I did a quick and easy upgrade to my wife’s 2009 MacBook Pro today. We bought her machine before solid state drives (SSDs) were available from Apple, so until today she’s been computing with a hard drive.
The machine was built with a quick CPU and plenty of memory, but the mechanical hard drive created a bottleneck. That became obvious after I began using a later-model MacBook Pro last year, which was by then available with an SSD.
We waited for economy of scale to kick in, when prices would plummet. Replacement SSDs have cost about triple an equivalent-sized hard drive until recently.
The solid state memory vendor Crucial came out with a lower-priced SSD line, the M4, this year. Last week I found a 256GB model on sale at Amazon for $165. That’s by far the cheapest per-gigabyte price I’ve seen.
Swapping the drives was made easy by SuperDuper!, the excellent backup application from software vendor Shirt Pocket. We’ve used it to make nightly backups of our primary drives for years, but in this case our backup would become the data source for Kelly’s new SSD. I used SuperDuper!’s Smart Update feature to bring the USB-connected external backup drive’s contents equal to the boot drive, which took about ten minutes.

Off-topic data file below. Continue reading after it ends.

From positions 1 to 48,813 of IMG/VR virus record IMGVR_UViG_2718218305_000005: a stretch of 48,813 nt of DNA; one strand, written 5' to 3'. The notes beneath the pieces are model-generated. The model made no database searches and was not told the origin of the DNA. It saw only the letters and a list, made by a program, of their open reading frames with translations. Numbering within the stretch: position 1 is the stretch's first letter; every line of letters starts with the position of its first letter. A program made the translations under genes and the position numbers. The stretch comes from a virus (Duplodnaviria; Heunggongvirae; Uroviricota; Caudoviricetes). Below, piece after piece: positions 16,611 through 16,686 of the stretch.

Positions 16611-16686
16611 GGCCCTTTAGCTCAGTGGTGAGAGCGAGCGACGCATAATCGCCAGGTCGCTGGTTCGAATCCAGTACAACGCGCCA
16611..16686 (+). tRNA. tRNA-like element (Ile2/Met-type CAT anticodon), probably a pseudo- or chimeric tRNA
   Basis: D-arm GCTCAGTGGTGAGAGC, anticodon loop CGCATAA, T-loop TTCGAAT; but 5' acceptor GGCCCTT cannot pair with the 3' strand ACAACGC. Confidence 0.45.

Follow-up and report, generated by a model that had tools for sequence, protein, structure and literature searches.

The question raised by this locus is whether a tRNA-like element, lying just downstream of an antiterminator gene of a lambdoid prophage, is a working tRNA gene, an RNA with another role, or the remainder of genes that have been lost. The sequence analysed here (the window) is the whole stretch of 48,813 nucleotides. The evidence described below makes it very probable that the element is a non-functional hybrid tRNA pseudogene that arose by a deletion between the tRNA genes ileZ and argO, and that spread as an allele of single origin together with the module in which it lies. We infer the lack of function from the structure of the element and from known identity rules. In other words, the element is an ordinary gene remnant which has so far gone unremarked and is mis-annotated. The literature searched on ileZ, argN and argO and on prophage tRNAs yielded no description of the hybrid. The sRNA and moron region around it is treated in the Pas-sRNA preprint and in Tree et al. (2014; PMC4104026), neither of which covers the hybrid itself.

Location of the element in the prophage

Ten screws and the laptop’s lower panel was off, two more and the stock hard drive was out. A quick swap and more screwdriver action had everything back together in less than five minutes. I put aside the old hard drive, just in case.
The difference between SuperDuper! and other backup solutions is mainly in the recovery phase. SuperDuper! creates bootable backups, which let you get back up and running from the backup drive in just a couple of minutes, rather than hours or days later after replacing the failed internal drive. Such a backup can then be used to populate a new internal drive. That was the second half of today’s project.
I restarted the laptop, booting from the external drive this time, then ran Disk Utility from there to partition and format the new SSD. SuperDuper! then cloned the external drive’s contents to the new drive. About an hour later I rebooted, this time from the SSD. Job complete.
Total time to upgrade: about an hour and a half, much of it spent doing other things while cloning the backup to the SSD. Total expense: $165 for the SSD, plus $28 for a copy of SuperDuper! three years ago.
Man, that SSD is fast.